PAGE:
Presentation on theme: "Bonding Requirements For Gas Piping Systems Bob Torbin October 2007."— Presentation transcript:
Bonding Requirements For Gas Piping Systems Bob Torbin October 2007
Existing building/electrical codes do not require gas piping system be designed to withstand energy of a lightning strike (direct or indirect). Gas equipment product standards do not require any components to withstand electrical surge associated with lightning strike. The electrical/fuel gas code coverage for bonding of gas piping is designed only to protect consumer from harmful effects of ground faults or short circuits. Metallic systems are energized by indirect lightning strikes regardless of code coverage. What’s the Problem?
Insulation failure on power circuit wiring Unintentional contact with higher voltage line Direct lightning strike on the structure Lightning strike that branches off from near by tree, pole or other tall object Lightning energy conducted through the soil and underground metallic piping, power lines or communications cable Lightning current takes all pathways of electrical resistance to ground and not just the path of “least resistance” Energizing the Gas Piping System
Lightning Induced Piping Damage Damage is attributed to arcing between the grounded electrical system and any other electrically-conductive pathway caused by a difference in electrical potential.
A conducting connection between an electrical circuit or equipment and the earth that limits the voltage imposed upon it. Only the premise wiring system is grounded. The permanent joining of metallic parts to form an effective ground-fault current path that ensures electrical continuity and the capacity to safely conduct any current likely to be imposed to protect people and equipment. Gas piping is bonded. Grounding verses Bonding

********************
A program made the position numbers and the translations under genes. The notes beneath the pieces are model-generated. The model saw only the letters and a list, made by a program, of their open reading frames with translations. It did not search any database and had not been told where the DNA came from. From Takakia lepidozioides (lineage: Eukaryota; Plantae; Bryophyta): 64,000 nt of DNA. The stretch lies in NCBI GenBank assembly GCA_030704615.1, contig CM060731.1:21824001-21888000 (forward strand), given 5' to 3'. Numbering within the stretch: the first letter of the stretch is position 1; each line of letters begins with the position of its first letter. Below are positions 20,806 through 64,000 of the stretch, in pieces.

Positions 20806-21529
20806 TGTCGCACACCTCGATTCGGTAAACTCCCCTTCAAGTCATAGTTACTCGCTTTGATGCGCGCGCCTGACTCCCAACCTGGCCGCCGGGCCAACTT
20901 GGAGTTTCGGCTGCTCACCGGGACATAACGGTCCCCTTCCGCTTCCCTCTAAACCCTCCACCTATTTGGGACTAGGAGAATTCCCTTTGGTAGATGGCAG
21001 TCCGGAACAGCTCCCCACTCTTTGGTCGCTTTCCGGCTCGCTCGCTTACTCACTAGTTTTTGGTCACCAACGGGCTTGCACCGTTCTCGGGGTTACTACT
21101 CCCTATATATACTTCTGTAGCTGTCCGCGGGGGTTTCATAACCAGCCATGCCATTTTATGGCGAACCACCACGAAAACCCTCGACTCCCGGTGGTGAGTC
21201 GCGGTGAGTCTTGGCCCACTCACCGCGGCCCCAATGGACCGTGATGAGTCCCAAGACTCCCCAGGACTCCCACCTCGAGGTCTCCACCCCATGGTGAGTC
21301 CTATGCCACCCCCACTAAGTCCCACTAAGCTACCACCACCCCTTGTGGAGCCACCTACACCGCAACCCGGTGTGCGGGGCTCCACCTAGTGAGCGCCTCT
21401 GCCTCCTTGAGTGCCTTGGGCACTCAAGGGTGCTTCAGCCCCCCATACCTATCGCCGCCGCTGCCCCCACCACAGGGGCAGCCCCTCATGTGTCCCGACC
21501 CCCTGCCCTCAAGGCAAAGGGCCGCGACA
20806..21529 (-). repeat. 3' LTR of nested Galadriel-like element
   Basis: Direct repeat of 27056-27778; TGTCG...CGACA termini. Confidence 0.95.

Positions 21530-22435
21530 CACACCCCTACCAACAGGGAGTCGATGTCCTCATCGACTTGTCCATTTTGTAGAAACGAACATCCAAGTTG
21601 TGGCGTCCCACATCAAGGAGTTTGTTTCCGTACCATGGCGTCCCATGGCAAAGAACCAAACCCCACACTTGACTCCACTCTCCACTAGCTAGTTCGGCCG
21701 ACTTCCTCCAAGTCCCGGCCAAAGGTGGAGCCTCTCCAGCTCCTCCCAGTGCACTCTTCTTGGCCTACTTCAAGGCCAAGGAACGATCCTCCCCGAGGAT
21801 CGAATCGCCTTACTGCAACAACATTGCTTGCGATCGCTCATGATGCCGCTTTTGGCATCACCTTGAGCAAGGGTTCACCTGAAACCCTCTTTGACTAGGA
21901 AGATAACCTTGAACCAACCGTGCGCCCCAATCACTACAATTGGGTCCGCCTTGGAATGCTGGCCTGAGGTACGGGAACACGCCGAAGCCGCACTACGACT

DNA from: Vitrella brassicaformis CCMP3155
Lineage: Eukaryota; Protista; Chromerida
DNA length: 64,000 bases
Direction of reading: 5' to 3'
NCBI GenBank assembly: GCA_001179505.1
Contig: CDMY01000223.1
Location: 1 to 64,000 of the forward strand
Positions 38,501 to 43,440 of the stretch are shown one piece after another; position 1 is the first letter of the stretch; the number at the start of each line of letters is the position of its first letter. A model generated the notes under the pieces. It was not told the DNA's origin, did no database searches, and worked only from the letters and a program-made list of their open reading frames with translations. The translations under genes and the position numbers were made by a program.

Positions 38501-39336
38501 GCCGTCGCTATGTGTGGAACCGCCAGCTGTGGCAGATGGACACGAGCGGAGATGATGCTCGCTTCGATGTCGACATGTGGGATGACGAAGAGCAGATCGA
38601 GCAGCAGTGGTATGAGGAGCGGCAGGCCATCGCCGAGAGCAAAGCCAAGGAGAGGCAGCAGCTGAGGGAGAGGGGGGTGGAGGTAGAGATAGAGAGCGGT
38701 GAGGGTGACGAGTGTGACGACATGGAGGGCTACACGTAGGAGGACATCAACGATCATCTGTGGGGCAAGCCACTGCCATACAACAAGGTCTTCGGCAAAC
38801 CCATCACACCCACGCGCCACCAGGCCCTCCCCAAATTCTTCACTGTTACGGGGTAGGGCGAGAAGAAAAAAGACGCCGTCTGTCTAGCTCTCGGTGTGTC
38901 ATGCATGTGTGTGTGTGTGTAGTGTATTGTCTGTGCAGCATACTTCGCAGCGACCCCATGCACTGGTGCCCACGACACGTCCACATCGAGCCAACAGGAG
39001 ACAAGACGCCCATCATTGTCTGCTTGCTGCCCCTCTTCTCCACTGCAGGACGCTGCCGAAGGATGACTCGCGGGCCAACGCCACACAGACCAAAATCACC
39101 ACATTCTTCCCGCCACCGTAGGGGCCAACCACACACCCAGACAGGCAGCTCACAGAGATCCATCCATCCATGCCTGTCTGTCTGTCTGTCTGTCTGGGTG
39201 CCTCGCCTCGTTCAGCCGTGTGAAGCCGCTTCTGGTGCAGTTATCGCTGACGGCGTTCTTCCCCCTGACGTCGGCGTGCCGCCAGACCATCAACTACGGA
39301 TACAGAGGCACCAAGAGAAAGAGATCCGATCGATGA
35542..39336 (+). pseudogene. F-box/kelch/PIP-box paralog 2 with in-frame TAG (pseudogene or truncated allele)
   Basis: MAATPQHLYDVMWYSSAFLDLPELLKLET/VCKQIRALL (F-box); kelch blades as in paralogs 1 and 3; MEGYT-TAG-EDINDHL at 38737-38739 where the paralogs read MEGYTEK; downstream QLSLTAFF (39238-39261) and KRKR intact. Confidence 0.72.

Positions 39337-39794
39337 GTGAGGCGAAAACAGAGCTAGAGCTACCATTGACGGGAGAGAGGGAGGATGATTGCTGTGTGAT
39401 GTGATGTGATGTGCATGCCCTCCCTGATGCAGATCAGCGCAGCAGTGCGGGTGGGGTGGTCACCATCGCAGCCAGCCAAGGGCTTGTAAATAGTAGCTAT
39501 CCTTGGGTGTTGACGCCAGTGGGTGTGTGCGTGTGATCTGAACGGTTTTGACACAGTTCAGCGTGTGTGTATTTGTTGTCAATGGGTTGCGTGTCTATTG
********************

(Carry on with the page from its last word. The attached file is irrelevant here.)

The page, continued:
Gas piping is already bonded through the equipment grounding conductor. Any metallic system can become energized by electric currents induced by an indirect lightning strike. The gas piping does not fail from current flow, but from arcing (caused by a difference in electrical potential) between the grounded electrical system and any other electrically-conductive pathway. Equi-potential bonding of all metallic systems will significantly reduce the chances for arcing and/or ground-fault hazards by minimizing the difference in potential. Should We Be Bonding Gas Piping?
250.104(B): Other Metallic Piping: Where installed in or attached to a building or structure, metal piping system(s), including gas piping, that is likely to become energized shall be bonded to the service equipment enclosure, the grounded conductor at the service, the grounding electrode conductor where of sufficient size, or to the one or more grounding electrodes used. The bonding jumper(s) shall be sized in accordance with 250.122 using the rating of the circuit that is likely to energize the piping system(s). The equipment grounding conductor for the circuit that is likely to energize the piping shall be permitted to serve as the bonding means. The points of attachment of the bonding jumper(s) shall be accessible. 2005 NEC Bonding Requirements